films seen
average score
Alive and kicking
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Au Hasard Balthazar

1966 / 95m - France
Au Hasard Balthazar poster

A typical Bresson. His cold, dry and wooden minimalism isn't really my cup of tea, the most amusing thing about Au Hasard Balthazar is watching Bresson struggle with his animal, a donkey who isn't susceptible to his directing tactics and is hell-bent on becoming the most natural and humane character in his entire oeuvre. Spoiler alert: I think he succeeded.

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The donkey is the focus of the film, as he is passed around and ends up in all kinds of different predicaments. Most people mistreat the animal, but at least they're consistent in mistreating other people too. Bresson's vision of the French countryside is grim and misanthropic, which explains the stark black and white cinematography, stripping the film from whatever summery vibe the outside scenes offered him.

There's a lot of symbolism, referencing Christianity and society, but I didn't get the impression Bresson had anything valuable to say with it. The style of acting in his film is absolutely atrocious, the stuttery editing didn't really help either. Still, this is one of the better Bresson's I've seen so far, even though that doesn't say much.


1959 / 76m - France
Crime, Drama
Pickpocket poster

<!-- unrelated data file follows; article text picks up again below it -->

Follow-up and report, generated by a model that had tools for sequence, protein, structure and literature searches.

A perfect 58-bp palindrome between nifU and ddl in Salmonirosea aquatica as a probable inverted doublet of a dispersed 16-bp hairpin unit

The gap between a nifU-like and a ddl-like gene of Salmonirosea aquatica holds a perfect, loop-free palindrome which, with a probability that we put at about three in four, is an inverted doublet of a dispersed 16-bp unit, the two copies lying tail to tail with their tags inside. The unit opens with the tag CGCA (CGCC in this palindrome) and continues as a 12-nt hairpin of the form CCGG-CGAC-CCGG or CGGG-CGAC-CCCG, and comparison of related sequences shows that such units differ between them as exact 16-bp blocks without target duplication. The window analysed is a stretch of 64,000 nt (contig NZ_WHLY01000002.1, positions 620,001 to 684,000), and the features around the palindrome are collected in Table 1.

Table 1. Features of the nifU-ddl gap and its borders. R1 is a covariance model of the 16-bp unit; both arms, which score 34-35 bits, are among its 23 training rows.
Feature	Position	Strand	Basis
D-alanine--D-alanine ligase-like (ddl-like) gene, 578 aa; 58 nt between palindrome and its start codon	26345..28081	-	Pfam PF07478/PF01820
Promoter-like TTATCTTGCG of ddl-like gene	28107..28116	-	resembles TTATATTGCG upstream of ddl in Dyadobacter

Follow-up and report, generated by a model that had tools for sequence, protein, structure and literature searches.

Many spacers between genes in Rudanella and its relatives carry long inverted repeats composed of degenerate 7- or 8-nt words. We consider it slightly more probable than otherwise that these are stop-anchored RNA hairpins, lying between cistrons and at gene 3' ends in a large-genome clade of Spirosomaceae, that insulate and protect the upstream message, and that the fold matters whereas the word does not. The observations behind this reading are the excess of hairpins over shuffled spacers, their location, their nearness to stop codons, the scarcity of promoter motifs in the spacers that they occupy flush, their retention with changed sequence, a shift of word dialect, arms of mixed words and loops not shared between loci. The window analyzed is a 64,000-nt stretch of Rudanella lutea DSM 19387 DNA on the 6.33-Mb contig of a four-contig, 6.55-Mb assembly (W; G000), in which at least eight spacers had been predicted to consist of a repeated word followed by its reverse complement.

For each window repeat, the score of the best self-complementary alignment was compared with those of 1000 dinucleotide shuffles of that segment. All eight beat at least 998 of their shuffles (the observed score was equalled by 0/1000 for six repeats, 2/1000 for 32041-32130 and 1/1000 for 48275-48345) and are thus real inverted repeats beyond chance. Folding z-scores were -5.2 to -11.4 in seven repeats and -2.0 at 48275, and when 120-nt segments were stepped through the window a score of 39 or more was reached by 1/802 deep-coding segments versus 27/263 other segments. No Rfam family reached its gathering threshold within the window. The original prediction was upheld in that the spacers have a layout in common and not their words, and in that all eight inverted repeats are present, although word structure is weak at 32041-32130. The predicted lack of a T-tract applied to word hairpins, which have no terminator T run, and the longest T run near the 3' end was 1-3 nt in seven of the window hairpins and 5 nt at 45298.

A Man Escaped

Un Condamné à Mort S'est Échappé ou Le Vent Souffle Où Il Veut
1956 / 101m - France
Drama, Thriller, War
A Man Escaped poster

Diary of a Country Priest

Journal d'un Curé de Campagne
1951 / 115m - France
Diary of a Country Priest poster

Previous experiences with Bresson and a title promising two hours of inner monologues of a countryside priest didn't really wet my appetite, the film was pretty much what I expected from it. I'm not a big fan of Bresson's take on minimalism, the themes and characters also didn't speak to me. At all.

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A young priest is given a small parish in the north of France. When he arrives there, people don't seem too interested in his work and attempts to reach out to the community are mostly in vain. The priest becomes disillusioned and slowly starts to doubt his faith in God and humankind.

The soundtrack is light, the cinematography rather basic. The film is mostly just the priest talking to people from the village, and writing down his doubts in his diary. Struggles with faith rarely interest me though and the endless musings of a rather uninteresting characters aren't my favorite way of spending two hours. Bresson and I don't really go well together it seems.